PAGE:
Yosemite Never Disappoints
I’m a sucker for wilderness anywhere, on any day of the year, but I am now totally sold that autumn is the best time of the year to visit Yosemite National Park, having visited in all four seasons. Our trip timing bypassed the swell of summer visitors (estimated at over 600,000 in August alone) to less than half of that number in October, just in time for the fall colors that showed up and showed out in waves of yellow, reds, and ocher blanketing the landscape all around. And there were no winter road closures or snow chains required.
We were advised by the resort staff to leave camp for the park around 9am to climb ahead of fall weekend visitors, and help ensure we could find space to park our over-sized vehicle. Rodney did the driving the first day and now it was my turn to drive the motor home. With me behind the wheel, Rodney and the kids were able to enjoy the panoramic views out of the big front window. The meandering drive and stunning vistas of the valley approach were breathtaking.
After paying $30 for our week-long pass at the park gate, we wound easily down into the valley, stopping to take photos at the most iconic views of the Yosemite landscape. Within an hour, we arrived at Half-Dome Village (Curry Village) and parked in the adjacent parking lot, taking up two spots vertically (and legally!) — we then ran into a friend of Outdoor Afro who remembered us from our epic leader training weekend back in 2016.
From there we took the free park bus shuttle that stops at all the major valley destinations and many hiking trails beyond. Our afternoon filled up nicely with a delightful, casual lunch at Degnan’s in the valley, followed by leisurely hiking and slow time spent in the visitor center to learn more about the formation and history of this important and beloved national treasure; it’s native people the Ahwahnechee; the protectors found in its first park rangers the Buffalo Soldiers, wildlife such as the adorable pika, and the tensions between our modern, ambitious love for this land within its need for protection and stewardship.
Before we knew it, our Yosemite sun began to set westward, and without quite getting our fill of the park and its trails and stories, we reluctantly decided to get back on the road to allow plenty of time and light to re-connect our RV to camp, and enjoy our planned Taco Night dinner on board with all the fixings — and of course, more s’mores!
By the time I headed to bed Saturday night, I could not believe our trip was coming to an end the next day, just at the moment we got accustomed to the rhythm of the RV lifestyle. I knew we could have easily stayed another two nights — or more!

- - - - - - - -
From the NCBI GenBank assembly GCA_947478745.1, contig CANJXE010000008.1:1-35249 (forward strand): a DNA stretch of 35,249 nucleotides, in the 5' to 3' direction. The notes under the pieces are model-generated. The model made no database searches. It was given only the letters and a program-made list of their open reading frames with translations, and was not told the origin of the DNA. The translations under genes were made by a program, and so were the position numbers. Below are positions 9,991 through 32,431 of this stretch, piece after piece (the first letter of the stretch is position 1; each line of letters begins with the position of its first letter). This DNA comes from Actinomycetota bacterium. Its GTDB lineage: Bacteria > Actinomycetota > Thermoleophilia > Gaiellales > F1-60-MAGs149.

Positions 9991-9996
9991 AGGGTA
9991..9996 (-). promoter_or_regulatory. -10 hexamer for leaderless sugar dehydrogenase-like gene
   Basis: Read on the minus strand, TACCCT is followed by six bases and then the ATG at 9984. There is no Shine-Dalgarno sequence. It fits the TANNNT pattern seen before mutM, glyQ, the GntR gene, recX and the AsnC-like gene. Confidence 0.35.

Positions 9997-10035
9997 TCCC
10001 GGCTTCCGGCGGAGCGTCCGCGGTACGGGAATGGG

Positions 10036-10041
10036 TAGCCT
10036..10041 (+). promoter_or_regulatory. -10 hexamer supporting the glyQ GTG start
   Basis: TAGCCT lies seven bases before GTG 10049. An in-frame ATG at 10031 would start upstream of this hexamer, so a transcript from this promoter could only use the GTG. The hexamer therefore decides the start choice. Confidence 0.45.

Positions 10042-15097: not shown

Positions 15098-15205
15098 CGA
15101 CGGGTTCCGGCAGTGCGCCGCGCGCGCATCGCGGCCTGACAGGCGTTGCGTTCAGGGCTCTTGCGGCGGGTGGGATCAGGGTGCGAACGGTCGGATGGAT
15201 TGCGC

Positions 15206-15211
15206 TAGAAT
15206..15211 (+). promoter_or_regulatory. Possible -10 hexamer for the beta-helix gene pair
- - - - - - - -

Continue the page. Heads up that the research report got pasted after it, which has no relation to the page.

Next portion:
Our 5 Tips For RVing Weekend Warriors
- Plan for a long weekend if you can – consider the journey and destination in your RV as a total adventure, and take your time along the way!
- Choose an RV Resort with amenities for everyone, such as recreation rooms with WI-FI, swimming pools, organized activities and park model cabins – perfect for those who want to try out the RV lifestyle, but aren’t ready to buy.
- It’s all about preparation. Just like with any camping experience you’ll benefit from advance meal plans, prepping fruits and veggies, marinating meat, etc. All help to save time, and bring only what portions of dry goods you need from home to reduce waste #Grits
- RV’s have plenty of storage: Grab toys and games from home such as balls, board games, and cards for those down moments, especially before bedtime for all ages.
- Eat lots of s’mores!
Thanks to El Monte RV, Dublin, California, and Go RVing for making another delightful and memorable weekend my family will treasure always!
To plan an adventure of your own, visit Go RVing for info on how to get started, how to choose the RV that’s right for you, where to go, and so much more!
Check out part 1 of Rue’s Yosemite Adventure!
As most folks know by now, I am all about helping all people positively connect with nature in any way they can. My travels as founder and chief instigator for Outdoor Afro have helped several thousands get their nature swagger back through outdoor recreation. We have come to appreciate RV experiences over the years just as much as the back-country treks that allow you to carry all you need on your back.
We have had the pleasure to RV in California’s Sierra foothills along the American River with a teardrop trailer in tow, used a full size RV to camp the awe-inspiring Big Sur, and have been regulars at KOAs up and down the California coast. This time, we decided to grab a full sized RV again, and head to iconic Yosemite National Park!
RVs are simply a comfortable lodge on wheels from which to pursue a mind-boggling variety of camp destinations and public lands. You can just roll up, and anchor your family in nature and enjoy the pop-up community all over America!
My family is still chattering and reminiscing about our whirlwind recreational vehicle adventure that jumped off from our home in Oakland, California. We wove our way through California’s Central Valley and scenic rolling woodland foothills to ascend the majestic forests of Yosemite National Park near our destination at Yosemite Lakes RV Resort — our weekend basecamp.
Thanks to the folks at El Monte RV in Dublin, California, we were assigned a Class C-28 vehicle, suitable for our family of four — me, my partner, the indomitable co-captain Rodney, with our teen roadies Arwen and Will. There was plenty of room for cooking, eating, lounging, and sleeping for all of us with room to spare for two additional younger sized youth with convertible tables and couches for night use.